In most cases the precipitation is not retained, however some stations do submit rainfall (and snowfall) for testing, which is done to obtain levels of pollutants.

Rain gauges have their limitations. Attempting to collect rain data in a hurricane can be nearly impossible and unreliable (even if the equipment survives) due to wind extremes. Also, rain gauges only indicate rainfall in a localized area. For virtually any gauge, drops will stick to the sides or funnel of the collecting device, such that amounts are very slightly underestimated, and those of .01 inches or .25 mm may be recorded as a trace.

Another problem encountered is when the temperature is close to or below freezing. Rain may fall on the funnel and freeze or snow may collect in the gauge and not permit any subsequent rain to pass through.

Rain gauges, like most meteorological instruments, should be placed far enough away from structures and trees to ensure that any effects caused are minimized.

Types

Types of rain gauges include graduated cylinders, weighing gauges, tipping bucket gauges, and simple buried pit collectors. Each type has its advantages and disadvantages for collecting rain data.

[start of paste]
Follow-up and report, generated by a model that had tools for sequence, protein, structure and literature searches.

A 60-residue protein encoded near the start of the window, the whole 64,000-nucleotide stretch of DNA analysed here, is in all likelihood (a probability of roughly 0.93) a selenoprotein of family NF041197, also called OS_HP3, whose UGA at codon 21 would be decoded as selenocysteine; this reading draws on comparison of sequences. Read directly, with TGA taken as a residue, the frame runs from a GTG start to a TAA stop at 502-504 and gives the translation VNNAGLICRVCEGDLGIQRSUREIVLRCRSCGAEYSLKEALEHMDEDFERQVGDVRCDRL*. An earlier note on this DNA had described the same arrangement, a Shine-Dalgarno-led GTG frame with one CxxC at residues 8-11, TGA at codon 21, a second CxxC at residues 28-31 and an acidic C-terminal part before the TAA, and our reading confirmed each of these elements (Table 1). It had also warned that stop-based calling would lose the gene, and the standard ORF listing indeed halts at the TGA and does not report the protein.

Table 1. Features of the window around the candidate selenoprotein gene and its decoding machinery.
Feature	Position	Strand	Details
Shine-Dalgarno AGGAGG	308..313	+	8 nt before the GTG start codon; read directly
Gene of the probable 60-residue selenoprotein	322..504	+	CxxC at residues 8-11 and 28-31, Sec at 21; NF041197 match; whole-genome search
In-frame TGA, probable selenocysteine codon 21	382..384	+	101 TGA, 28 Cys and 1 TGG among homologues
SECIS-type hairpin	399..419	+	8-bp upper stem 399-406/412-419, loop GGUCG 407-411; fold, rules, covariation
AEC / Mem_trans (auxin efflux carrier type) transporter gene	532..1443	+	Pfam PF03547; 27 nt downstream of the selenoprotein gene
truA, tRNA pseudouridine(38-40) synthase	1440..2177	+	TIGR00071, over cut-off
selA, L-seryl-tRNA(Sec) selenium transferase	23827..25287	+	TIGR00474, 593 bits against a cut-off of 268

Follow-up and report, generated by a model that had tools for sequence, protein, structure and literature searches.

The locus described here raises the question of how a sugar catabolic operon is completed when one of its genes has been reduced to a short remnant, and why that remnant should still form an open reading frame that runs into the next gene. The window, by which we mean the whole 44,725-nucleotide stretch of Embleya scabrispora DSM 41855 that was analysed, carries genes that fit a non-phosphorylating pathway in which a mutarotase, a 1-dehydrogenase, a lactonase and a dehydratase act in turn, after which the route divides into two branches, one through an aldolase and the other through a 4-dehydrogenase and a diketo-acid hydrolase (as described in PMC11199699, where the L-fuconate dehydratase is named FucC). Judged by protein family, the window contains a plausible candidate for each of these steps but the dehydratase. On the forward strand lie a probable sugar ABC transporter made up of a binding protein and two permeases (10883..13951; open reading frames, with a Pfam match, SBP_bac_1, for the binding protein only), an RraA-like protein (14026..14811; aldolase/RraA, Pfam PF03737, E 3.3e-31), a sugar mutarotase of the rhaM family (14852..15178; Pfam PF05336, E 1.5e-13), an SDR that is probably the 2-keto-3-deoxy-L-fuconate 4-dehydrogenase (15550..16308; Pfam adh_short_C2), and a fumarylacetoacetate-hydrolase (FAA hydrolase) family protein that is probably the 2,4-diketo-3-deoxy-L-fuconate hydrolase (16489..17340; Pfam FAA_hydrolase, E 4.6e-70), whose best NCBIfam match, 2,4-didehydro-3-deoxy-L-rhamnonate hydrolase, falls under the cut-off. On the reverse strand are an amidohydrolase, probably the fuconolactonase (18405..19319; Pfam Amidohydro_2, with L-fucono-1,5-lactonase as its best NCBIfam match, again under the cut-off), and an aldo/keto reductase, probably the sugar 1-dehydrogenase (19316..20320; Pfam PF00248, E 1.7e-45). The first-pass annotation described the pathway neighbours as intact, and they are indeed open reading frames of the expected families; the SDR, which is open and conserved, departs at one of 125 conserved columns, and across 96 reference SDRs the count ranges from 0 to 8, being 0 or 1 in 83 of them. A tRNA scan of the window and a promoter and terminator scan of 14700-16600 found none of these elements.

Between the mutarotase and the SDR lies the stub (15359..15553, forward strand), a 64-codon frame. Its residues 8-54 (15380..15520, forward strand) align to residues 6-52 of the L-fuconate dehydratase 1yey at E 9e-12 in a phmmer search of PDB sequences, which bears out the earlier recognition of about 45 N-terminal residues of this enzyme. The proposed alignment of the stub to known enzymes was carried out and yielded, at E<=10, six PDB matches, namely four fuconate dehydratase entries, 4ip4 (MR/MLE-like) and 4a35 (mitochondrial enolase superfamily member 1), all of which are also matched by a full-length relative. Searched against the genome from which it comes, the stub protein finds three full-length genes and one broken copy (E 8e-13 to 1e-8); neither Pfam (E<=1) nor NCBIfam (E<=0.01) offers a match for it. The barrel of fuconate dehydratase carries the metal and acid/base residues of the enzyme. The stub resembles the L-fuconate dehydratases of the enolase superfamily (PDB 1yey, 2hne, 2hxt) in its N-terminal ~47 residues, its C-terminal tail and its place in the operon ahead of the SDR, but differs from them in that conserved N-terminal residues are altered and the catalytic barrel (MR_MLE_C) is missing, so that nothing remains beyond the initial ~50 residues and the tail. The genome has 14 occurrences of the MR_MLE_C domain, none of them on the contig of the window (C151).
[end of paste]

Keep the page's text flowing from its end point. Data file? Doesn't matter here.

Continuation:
Standard rain gauge

The standard rain gauge, developed around the start of the 20th century, consists of a funnel attached to a graduated cylinder that fits into a larger container. If the water overflows from the graduated cylinder the outside container will catch it. So when it is measured, the cylinder will be measured and then the excess will be put in another cylinder and measured. In most cases the cylinder is marked in mm and in the picture above will measure up to 25 mm (0.98 in) of rainfall. Each horizontal line on the cylinder is 0.2 mm (0.007 in). The larger container collects any rainfall amounts over 25 mm that flows from a small hole near the top of the cylinder. A metal pipe is attached to the container and can be adjusted to ensure the rain gauge is level. This pipe then fits over a metal rod that has been placed in the ground.

Weighing precipitation gauge